Americans are inundated with medical information. It comes from every direction -- the media, the Internet, well-meaning friends and acquaintances, and an ever-proliferating collection of journals. In 'The Smart Patient -- Mistakes We Make About Our Health -- And How to Avoid Them,' Gina Kolata of The New York Times provides guidance in sorting through this welter, helping readers to make better decisions for themselves. Kolata, one of the country's most respected medical journalists, tells why anecdotal evidence should be viewed with skepticism, why large random studies are more trustworthy than observational ones, when a second opinion is a must, and what questions you should ask your doctor and -- equally important -- what ones you need to ask yourself.
I saw an ad for The Smart Patient in the NY Times and downloaded it to a Kindle. It's also available for the Nook. This is a short book, might take one to two hours to read and there is much for patients, their families and all care givers (including physicians) to ponder over. It's well worth the $2.99 price.
Minds on the Edge: Facing Mental Illness is a multi-platform media project that explores severe mental illness in America. The centerpiece of the project is a television program that premiered on PBS stations in October 2009. This video component is part of a national initiative that includes an extensive web site and an ambitious strategy to engage citizens, professionals in many fields, and policy makers at all levels of government. The goal is to advance consensus about how to improve the kinds of support and treatment available for people with mental illness.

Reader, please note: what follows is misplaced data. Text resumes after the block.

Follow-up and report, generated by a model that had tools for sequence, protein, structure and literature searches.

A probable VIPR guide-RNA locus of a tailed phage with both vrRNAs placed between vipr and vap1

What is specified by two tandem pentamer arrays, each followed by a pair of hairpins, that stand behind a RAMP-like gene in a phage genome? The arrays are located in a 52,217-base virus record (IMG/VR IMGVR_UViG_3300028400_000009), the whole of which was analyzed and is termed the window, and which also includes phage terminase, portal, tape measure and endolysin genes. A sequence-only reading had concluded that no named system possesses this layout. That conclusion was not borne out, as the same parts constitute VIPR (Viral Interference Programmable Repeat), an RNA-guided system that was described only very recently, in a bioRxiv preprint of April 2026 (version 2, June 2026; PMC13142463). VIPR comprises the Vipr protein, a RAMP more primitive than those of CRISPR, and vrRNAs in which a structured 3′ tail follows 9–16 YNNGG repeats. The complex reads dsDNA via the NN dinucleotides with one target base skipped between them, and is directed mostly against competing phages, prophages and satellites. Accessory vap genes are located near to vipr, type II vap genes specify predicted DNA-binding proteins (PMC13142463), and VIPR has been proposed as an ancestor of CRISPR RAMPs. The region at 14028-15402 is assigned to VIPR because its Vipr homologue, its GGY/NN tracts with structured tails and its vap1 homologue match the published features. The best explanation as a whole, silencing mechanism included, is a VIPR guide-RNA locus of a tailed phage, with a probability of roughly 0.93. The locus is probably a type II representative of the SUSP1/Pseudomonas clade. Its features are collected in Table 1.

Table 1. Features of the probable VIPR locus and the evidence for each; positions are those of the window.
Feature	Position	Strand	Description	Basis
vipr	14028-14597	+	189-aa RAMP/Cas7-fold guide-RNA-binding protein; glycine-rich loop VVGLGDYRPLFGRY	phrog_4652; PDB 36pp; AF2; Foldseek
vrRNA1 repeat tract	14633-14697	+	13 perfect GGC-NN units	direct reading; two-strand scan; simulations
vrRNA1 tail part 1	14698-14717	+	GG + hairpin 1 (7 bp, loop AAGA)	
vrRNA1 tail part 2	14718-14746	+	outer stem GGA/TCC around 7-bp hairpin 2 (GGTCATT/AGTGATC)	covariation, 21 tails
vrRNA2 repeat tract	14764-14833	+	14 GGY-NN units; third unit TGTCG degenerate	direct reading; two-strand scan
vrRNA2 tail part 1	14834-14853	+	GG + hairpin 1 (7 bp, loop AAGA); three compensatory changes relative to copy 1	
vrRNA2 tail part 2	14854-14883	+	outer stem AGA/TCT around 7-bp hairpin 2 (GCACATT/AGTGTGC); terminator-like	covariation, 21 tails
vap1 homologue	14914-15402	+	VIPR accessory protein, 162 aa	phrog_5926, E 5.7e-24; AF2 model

Susan Rose, from North Adams, Massachusetts, alerted us to this excellent PBS forum. She writes: "As a person who has struggled with a mental illness for decades, I found this 2009 video compelling. The Supreme Court justice Stephen Breyer and Nobel Prize winning neuroscientist Eric R Kandel were just two of the speakers. I wish I could share this with the people closing Greylock Pavilion, our inpatient mental health unit in North Adams, Massachusetts. Everyone needs to listen to the discussion on this video. The situation is worsening because nationally many psychiatric units are closing their doors for financial reasons. The consequences of these closings will be devastating to mental health patients, their families, and the communities they served. The pain of mental illness affects everyone. The cost saved by shutting down mental health units will be offset by an increased rate of incarceration, as patients are forced into jails because there is no other place for them to go."
“The Right Care Alliance is a movement of clinicians, patient advocates, community leaders, and patients who see that overtesting, overdiagnosis, and overtreatment are endemic to modern health care – they are built into the culture of modern medicine. We see overuse as the flip side of the coin of undertreatment and lack of access, and a major cause of harm to patients."
They came to “understand the power and importance of coming together, to share our concern about practices that harm patients, and our belief in the moral necessity of working together to reduce overuse”
With colleagues, Vikas and Shannon created The Declaration of Principles of the Right Care Alliance. Please read it and consider joining this Alliance by signing this declaration. It will demonstrate your solidarity with the movement to assure all of us compassionate, safe and appropriate care.